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  • image Poisoning can result from exposure to excessive doses of any chemical, with medicines being responsible for most childhood and adult poisonings.

  • image The total number and rate of poisonings have been increasing, but preventive measures, such as child-resistant containers, have reduced mortality in young children.

  • image Immediate first aid may reduce the development of serious poisoning, and consultation with a poison control center may indicate the need for further therapy.

  • image The use of ipecac syrup, gastric lavage, whole bowel irrigation, and cathartics has fallen out of favor as routine therapies, whereas activated charcoal remains useful for gastric decontamination of appropriate patients.

  • image Antidotes can prevent or reduce the toxicity of certain poisons, but symptomatic and supportive care is essential for all patients.

  • image Acute acetaminophen poisoning produces severe liver injury and occasionally kidney failure. A determination of serum acetaminophen concentration may indicate whether there is risk of hepatotoxicity and the need for acetylcysteine therapy.

  • image Anticholinesterase insecticides may produce life-threatening respiratory distress and paralysis by all routes of exposure and can be treated with symptomatic care, atropine, and pralidoxime.

  • image An overdose of calcium channel antagonists will produce severe hypotension and bradycardia and can be treated with supportive care, calcium, and insulin with supplemental dextrose.

  • image Poisoning with iron-containing drugs produces vomiting, gross gastrointestinal bleeding, shock, metabolic acidosis, and coma, and can be treated with supportive care and deferoxamine.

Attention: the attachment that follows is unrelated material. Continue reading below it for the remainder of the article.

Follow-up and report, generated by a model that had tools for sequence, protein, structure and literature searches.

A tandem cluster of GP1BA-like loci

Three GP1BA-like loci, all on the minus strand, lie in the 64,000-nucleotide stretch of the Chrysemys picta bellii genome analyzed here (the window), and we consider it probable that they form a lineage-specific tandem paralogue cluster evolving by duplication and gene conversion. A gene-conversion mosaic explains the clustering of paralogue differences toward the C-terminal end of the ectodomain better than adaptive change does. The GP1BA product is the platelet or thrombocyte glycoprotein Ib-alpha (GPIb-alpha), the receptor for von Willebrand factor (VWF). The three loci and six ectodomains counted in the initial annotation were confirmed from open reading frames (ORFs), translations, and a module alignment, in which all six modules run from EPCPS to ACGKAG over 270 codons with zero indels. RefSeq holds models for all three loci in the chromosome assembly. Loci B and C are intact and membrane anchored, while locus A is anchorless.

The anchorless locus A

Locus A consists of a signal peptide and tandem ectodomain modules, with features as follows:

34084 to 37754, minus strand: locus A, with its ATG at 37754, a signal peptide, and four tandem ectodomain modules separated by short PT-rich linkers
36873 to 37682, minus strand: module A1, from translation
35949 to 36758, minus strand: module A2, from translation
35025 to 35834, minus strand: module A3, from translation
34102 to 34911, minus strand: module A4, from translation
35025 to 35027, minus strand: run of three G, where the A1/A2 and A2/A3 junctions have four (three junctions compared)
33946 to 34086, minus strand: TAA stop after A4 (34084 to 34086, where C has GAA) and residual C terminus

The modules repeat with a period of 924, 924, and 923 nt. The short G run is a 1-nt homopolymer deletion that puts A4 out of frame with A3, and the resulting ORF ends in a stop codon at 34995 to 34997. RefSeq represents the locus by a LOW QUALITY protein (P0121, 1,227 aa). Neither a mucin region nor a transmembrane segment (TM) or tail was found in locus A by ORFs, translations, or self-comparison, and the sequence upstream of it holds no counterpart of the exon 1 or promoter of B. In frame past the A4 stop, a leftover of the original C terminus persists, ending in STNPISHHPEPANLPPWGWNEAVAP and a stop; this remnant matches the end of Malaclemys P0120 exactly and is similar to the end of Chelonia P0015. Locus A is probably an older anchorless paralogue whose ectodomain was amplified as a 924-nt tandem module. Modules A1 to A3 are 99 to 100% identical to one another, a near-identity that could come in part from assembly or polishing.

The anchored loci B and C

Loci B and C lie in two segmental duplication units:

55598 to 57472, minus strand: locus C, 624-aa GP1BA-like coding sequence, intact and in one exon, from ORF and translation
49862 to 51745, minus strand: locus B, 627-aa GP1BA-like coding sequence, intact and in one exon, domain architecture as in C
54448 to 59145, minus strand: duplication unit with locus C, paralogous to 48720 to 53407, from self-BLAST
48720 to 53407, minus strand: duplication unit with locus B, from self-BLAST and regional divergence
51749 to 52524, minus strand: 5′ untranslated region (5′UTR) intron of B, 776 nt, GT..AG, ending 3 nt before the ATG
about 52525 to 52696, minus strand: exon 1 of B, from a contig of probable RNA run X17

• image Acute opioid poisoning and overdose can produce life-threatening respiratory depression that can be treated with assisted ventilation and naloxone.

  • image Chemicals can be used for mass poisonings by acts of terrorism and warfare and typically produce life-threatening effects within minutes to hours, which warrant emergency preparedness at healthcare facilities and communities.


Patient Care Process for Prehospital Care of Acute Poisonings


Collect (from patient, caregiver, or bystander)

  • Patient symptoms (eg, none, minor, life-threatening)

  • Time of exposure

  • Type of exposure (eg, ingestion, inhalation, injection, skin contact, eye contact)

  • Substance(s) involved in the exposure

  • Patient characteristics (eg, age, sex, weight)

  • Circumstances of the exposure (eg, unintentional, substance abuse, self-harm)

  • Patient health history (healthy, acute and chronic illnesses, pregnancy, recent hospitalization, substance use disorder)

  • Prescription and nonprescription medications, dietary supplements, household products and chemicals in the vicinity

  • Objective information

    • Estimate of the number of tablets or volume missing and possibly consumed

    • Exact name of the product and strength


  • Presence of emergent symptoms (eg, unresponsiveness, seizures, shortness-of-breath, slowed or shallow breathing or if the exposure is likely to produce these symptoms within 1 hour)

  • Presence of potential high-risk factors (eg, child-resistant container, signal words (Poison, Caution, Danger) on the product label; debilitated, elderly; suspected suicidal or homicidal intent; suspected child or elder abuse; substance abuse) (see Tables e7-1 and e7-4)

  • Ability/willingness to contact a poison control center or call 9-1-1

  • Ability/willingness to provide first aid (see Table e7-8) and naloxone if needed and available (see Table e7-13)


  • If emergent symptoms are present, call 9-1-1 for ...

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